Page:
1

I want to create a script that when I double click runs:

  1. 'ssh -Y server1'
  2. WITHIN server1 run 'ssh -Y server2' (server2 not accessible outside)
  3. I now have the terminal prompt connected to server2 waiting to run commands
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  • What does "it doesn't work" mean? What happens, what error messages (if any)?
    – Jenny D
    Feb 1, 2014 at 9:14
  • It seemed to be stuck in limbo essentially, so no stdin.
    – Molten Ice
    Feb 1, 2014 at 11:56

2 Answers 2

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You can use SSH's -W option to achieve this. From the manual:

-W host :port
Requests that standard input and output on the client be forwarded to host on port over the secure channel. Implies -N, -T, ExitOnForward-Failure and ClearAllForwardings. Works with Protocol version 2 only.

You can set this up in your ~/.ssh/config to simplify the process, like so:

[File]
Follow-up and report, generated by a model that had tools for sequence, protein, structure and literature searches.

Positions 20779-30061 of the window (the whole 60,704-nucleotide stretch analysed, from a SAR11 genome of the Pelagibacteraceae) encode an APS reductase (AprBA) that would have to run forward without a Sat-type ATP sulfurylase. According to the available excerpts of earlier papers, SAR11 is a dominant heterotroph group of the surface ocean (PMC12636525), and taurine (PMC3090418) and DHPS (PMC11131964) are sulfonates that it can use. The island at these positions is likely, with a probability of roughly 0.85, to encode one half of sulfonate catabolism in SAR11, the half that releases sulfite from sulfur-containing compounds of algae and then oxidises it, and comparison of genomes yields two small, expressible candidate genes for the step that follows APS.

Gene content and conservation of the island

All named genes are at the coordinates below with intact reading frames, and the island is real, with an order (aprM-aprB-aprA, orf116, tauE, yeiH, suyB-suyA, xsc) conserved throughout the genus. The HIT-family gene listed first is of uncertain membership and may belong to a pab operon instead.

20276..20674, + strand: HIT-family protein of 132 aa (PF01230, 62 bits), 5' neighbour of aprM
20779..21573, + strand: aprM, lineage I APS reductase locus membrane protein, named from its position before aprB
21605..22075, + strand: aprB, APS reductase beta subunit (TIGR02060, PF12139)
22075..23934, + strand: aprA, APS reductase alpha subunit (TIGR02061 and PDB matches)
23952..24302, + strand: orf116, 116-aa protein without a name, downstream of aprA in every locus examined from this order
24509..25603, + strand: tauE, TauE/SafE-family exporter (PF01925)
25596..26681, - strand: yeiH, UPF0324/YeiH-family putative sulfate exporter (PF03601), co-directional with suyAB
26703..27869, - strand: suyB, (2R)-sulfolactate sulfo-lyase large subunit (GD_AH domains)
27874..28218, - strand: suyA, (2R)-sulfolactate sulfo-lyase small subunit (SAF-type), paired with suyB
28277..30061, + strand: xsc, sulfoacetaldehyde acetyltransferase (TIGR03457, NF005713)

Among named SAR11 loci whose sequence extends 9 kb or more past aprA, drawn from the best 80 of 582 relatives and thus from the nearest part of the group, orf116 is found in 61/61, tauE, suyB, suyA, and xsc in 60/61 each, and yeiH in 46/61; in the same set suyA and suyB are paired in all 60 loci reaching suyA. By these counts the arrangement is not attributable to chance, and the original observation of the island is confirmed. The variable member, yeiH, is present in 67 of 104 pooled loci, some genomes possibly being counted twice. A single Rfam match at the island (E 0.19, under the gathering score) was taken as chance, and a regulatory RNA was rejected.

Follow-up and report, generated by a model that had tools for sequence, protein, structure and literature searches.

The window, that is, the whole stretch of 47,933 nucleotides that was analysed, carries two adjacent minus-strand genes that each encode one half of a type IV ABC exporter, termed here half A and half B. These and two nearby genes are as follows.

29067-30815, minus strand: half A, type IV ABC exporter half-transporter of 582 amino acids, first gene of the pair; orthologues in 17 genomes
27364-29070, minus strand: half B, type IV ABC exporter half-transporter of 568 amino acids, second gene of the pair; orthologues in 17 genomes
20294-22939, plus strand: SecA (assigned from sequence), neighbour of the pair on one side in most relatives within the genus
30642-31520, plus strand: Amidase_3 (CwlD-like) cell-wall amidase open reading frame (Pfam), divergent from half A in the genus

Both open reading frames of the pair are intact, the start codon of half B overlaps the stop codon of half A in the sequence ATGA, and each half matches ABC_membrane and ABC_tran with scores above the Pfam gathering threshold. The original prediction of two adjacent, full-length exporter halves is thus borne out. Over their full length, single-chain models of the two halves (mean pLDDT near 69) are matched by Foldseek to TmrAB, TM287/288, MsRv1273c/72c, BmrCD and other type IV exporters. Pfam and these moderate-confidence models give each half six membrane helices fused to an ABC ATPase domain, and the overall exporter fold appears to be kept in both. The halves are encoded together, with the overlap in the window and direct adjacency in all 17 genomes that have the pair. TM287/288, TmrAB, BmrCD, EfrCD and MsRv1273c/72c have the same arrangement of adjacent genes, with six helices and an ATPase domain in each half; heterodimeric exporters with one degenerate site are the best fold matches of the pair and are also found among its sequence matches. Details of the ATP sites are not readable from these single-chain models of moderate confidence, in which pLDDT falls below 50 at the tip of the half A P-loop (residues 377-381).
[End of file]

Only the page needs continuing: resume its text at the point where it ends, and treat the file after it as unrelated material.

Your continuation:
Host Server1
  Hostname 200.200.200.1
  Port 2222
  User you
  IdentityFile ~/.ssh/id_rsa

Host Server2
  Hostname 192.168.1.2
  Port 3333
  User you
  IdentityFile ~/.ssh/id_dsa

# Hop to 2
Host Server2
  ProxyCommand ssh -W %h:%p Server1

You then simply ssh Server2 and—provided you have set up your authentication correctly—you will be logged in to Server2.

1
  • Not only does this work, but is a really elegant way to do this. Thank you very much!
    – Molten Ice
    Feb 1, 2014 at 11:47
2

Furthermore to what Jason said, another less elegant solution where you don't need to change the config and can enter other ssh parameters like -t and -Y:

ssh -tY user@server1 "ssh -tY user@server2; bash -s"

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